I often remember the parting words of Robert Higgs’ Crisis and Leviathan: [W]e do know something – at least abstractly – about the future. We know that other great crises will come. Whether they will be occasioned by foreign wars, economic collapse, or rampant terrorism, no one can predict with assurances. Yet in one form of another, great crises will surely come again… When they do, governments almost certainly will gain new powers over economic and social affairs… For those who cherish individual liberty and a free society, the prospect is deeply disheartening. That’s what Higgs said back in 1987, over a third of a century ago. And how right he has been! The Nineties were almost crisis-free; indeed, the collapse of Communism ended the forty-year crisis of
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I often remember the parting words of Robert Higgs’ Crisis and Leviathan:
[W]e do know something – at least abstractly – about the future. We know that other great crises will come. Whether they will be occasioned by foreign wars, economic collapse, or rampant terrorism, no one can predict with assurances. Yet in one form of another, great crises will surely come again… When they do, governments almost certainly will gain new powers over economic and social affairs… For those who cherish individual liberty and a free society, the prospect is deeply disheartening.
That’s what Higgs said back in 1987, over a third of a century ago. And how right he has been! The Nineties were almost crisis-free; indeed, the collapse of Communism ended the forty-year crisis of the Cold War. Ever since, however, we’ve had one exasperating crisis after another: 9/11, the Iraq War, the Great Recession, and ISIS, followed by Covid-19, the crisis that puts all the others to shame. I maintain, of course, that the chief problem in each crisis has been government’s hysterical overreaction. Verily, the cure is worse than the disease. Still, that doesn’t change the fact that the net effect of these crises has been awful.
As someone who, like Higgs, cherishes individual liberty and a free society, the retrospect has been deeply disheartening. But at least Higgs psychologically prepared me to see people panicked and freedom trampled. What I failed to anticipate, however, was the effect of crises on the liberty movement itself.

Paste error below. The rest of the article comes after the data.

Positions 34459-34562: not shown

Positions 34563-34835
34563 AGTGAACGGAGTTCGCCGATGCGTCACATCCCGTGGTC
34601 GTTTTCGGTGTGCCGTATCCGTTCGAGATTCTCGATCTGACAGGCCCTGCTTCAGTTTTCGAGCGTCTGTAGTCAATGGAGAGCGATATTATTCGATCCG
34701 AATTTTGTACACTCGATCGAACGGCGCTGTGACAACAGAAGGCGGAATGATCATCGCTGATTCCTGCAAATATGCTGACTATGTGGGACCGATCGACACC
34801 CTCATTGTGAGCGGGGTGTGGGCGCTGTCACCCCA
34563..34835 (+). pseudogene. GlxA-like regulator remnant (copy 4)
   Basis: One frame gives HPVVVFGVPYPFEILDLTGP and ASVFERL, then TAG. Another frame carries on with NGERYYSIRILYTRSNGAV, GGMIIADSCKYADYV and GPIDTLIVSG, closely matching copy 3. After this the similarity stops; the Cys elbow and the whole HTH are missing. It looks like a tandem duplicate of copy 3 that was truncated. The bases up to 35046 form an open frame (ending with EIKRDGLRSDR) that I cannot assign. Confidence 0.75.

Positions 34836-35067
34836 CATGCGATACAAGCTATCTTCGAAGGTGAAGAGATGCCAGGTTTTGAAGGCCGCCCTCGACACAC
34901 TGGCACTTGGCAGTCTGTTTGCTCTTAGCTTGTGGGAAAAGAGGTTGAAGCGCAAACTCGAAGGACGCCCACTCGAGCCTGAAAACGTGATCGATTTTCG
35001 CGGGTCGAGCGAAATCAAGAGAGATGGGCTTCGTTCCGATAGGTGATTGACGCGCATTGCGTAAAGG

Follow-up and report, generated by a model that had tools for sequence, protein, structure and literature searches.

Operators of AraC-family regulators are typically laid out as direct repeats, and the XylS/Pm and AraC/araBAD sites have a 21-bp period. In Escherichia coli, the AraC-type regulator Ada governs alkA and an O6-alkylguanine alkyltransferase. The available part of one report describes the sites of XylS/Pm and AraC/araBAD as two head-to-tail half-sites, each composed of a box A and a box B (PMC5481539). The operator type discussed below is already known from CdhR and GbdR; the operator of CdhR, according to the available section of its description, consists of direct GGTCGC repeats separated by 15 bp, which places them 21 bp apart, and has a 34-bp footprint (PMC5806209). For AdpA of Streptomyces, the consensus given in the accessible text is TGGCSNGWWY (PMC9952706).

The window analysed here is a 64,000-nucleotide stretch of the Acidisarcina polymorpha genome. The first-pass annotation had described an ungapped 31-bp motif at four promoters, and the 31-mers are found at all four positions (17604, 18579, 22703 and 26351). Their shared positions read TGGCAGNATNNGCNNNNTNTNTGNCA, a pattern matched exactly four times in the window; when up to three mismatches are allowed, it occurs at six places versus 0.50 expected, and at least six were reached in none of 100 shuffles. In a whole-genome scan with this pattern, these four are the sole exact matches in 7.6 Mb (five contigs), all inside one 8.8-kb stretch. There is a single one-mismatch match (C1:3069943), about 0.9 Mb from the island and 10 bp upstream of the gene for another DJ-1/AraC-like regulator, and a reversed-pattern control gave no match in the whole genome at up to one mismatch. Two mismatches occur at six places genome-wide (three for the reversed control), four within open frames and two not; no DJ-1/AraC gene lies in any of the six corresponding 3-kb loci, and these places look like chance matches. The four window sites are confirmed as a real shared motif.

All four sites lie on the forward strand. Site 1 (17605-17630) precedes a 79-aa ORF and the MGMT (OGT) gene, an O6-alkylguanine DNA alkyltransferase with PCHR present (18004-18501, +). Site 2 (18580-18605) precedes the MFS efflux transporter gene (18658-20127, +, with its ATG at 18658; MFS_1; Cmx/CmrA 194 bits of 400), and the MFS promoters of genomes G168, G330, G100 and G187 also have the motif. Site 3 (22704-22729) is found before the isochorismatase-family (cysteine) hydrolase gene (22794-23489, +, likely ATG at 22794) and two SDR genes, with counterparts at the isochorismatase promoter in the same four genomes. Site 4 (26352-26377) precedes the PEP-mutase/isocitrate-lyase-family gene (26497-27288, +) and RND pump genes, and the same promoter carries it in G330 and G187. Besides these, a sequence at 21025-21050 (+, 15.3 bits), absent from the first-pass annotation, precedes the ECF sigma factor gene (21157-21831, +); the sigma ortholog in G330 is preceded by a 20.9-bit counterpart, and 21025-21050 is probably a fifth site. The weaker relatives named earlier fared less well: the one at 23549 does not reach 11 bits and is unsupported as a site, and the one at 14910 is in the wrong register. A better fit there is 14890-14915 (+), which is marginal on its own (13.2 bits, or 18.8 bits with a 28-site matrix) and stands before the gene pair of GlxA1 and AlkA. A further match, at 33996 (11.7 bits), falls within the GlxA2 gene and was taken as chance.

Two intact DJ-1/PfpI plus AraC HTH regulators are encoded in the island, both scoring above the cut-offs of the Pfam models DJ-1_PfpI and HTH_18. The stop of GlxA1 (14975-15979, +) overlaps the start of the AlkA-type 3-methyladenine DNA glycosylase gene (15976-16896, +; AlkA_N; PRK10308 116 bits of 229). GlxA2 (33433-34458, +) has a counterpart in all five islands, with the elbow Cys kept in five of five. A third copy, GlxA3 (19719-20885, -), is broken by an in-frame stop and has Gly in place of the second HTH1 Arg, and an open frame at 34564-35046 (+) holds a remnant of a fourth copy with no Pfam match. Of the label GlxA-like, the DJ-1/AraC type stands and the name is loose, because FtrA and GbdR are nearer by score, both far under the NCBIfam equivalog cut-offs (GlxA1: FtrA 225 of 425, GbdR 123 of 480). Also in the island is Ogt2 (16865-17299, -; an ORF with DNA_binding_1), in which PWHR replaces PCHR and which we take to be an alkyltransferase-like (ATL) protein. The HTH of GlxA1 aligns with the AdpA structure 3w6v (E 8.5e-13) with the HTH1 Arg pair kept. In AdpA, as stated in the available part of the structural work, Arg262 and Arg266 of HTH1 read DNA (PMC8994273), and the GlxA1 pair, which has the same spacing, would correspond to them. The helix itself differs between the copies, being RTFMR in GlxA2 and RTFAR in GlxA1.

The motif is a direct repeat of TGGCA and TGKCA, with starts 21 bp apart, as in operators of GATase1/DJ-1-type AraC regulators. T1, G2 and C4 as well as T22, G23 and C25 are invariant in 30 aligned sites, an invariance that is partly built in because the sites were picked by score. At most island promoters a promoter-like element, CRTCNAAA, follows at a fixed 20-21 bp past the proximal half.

When I first read Higgs, I figured that when governments used crises to expand their power, libertarians would reliably resist such expansions.
That’s not what happened.
Instead, every crisis opened a new libertarian rift. Anti-war versus pro-war libertarians. Anti-bailout versus pro-bailout libertarians. Pro-immigration versus anti-immigration libertarians. Anti-lockdown versus pro-lockdown libertarians.
In part, these were rifts between radical and moderate wings of the liberty movement. Radical libertarians swiftly opposed lockdowns; moderate libertarians, in contrast, largely waited for vaccines to support a return to normalcy. Yet the radical-moderate divide is far from the whole story. Muslim terrorism led many self-styled “radical libertarians” to bitterly turn against not just Muslim immigration, but immigration in general. Moderate libertarians rarely did the same.
Could the libertarian movement have successfully checked the expansion of government power if we’d only stayed united in the face of crisis? I don’t know. What I do know is that our habitual division during crisis practically ensures failure. We can’t readily take a message of freedom to the broader world if every crisis prompts a vocal wing of the liberty movement to hop on the crisis bandwagon and urge fellow libertarians to “Get with the program.”
The deeper ill, though, is that every crisis dramatically transforms the libertarian conversation. Even libertarians who stay off every bandwagon wind up spending a major share of their intellectual energy doing “damage control.” Externally, we try to downplay each crisis – or blame the government. Internally, we try to convince fellow libertarians to stay off the bandwagon. And before long, another crisis hits.
Upshot: In the last twenty years, the libertarian movement has become almost entirely reactive. Bad things happen; governments claim new powers; we try to get in the way. Repeat. Highly demoralizing.
You could protest, “Eternal vigilance is the price of liberty,” and you wouldn’t be entirely wrong. Arguing against government power grabs is a worthwhile endeavor. I’ve done it myself, especially during Covid. Yet in practice, sadly, crisis management has made libertarians lose sight of our original mission: Cogently making the affirmative case for a libertarian society.